Its almost like a bad TV series that on, then gets cancelled, then it’s on again, off, then on……
Finally, following a long silence during which the Public Charge form disappeared from the USCIS website, it’s back, along with an announcement that the Public Charge rule is back in effect again and the form I-944 is required to be filed with all Residency applications.
The big difference is that with this abrupt change, immigrants will be allowed to file residency petitions without form I-944 until October 13th, and will simply receive a request from the USCIS, called request for evidence or (RFE) to submit the form later. However, all residency petitions filed on October 14th or later without form I-944 will be automatically rejected.
For background, on February 24, 2020, a new Public Charge Rule went into effect, which required form I-944 to be filed by immigrants with all residency applications. The rule is highly controversial in that it allows government officials to deny residency to immigrants who they believe are likely to obtain public assistance in the future, by a set of criteria which factors in the age, health, education, English proficiency and financial resources of each applicant.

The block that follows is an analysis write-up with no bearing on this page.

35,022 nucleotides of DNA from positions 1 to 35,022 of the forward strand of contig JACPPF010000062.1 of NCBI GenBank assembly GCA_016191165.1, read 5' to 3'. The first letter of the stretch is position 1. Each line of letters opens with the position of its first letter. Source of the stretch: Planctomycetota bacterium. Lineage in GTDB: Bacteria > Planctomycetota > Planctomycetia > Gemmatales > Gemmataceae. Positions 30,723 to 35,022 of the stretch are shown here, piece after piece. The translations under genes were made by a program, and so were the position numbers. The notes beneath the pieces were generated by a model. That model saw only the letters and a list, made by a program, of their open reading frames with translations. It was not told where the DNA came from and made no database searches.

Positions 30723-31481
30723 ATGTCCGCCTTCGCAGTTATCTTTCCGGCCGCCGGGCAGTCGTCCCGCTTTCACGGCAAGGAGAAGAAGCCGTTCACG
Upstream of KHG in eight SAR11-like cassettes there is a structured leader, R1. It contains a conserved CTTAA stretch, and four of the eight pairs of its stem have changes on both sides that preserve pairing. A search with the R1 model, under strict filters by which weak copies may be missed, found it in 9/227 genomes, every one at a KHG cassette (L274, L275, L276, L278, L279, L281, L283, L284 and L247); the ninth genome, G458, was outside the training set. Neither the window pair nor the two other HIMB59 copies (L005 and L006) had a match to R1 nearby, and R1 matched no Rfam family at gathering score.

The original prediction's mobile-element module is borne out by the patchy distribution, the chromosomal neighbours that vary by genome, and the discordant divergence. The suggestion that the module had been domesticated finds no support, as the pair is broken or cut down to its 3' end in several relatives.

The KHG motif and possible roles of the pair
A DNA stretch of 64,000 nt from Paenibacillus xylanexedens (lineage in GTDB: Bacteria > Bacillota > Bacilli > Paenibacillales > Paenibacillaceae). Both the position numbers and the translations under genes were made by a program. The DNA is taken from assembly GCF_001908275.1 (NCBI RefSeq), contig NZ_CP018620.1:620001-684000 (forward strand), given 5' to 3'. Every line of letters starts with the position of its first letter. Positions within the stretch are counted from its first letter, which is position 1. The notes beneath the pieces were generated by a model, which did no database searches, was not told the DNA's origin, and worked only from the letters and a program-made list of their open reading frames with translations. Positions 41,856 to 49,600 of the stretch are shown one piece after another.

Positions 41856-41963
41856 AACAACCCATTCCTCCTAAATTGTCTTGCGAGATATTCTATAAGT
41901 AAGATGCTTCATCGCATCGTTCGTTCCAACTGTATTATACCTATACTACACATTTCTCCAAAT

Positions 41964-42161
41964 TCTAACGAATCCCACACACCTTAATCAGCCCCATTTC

Numerous lawsuits were filed in efforts to stop the rule from being implemented, which resulted in a ruling by a federal court on July 29th, which prevented the government from applying the rule during the pandemic. The Trump administration appealed and won the argument in a higher federal court decision issued on August 12th.
However, since that time, form I-944 was removed from the USCIS website and the agency kept silent about its intentions to reimpose it, until the recent surprise announcement on September 22, 2020.
The good news is that residency applications being filed now before the USCIS Filing Fees increase deadline on October 2nd can proceed to be filed without the form and will be allowed to submit it once the USCIS sends a request. Read the new USCIS Public Charge announcement by visiting the enewsletter site at: www.americanimmigrationcentral.com
** Contributions to this Column are made by Attorney Caroly Pedersen, Esq. of the American Immigration Law Center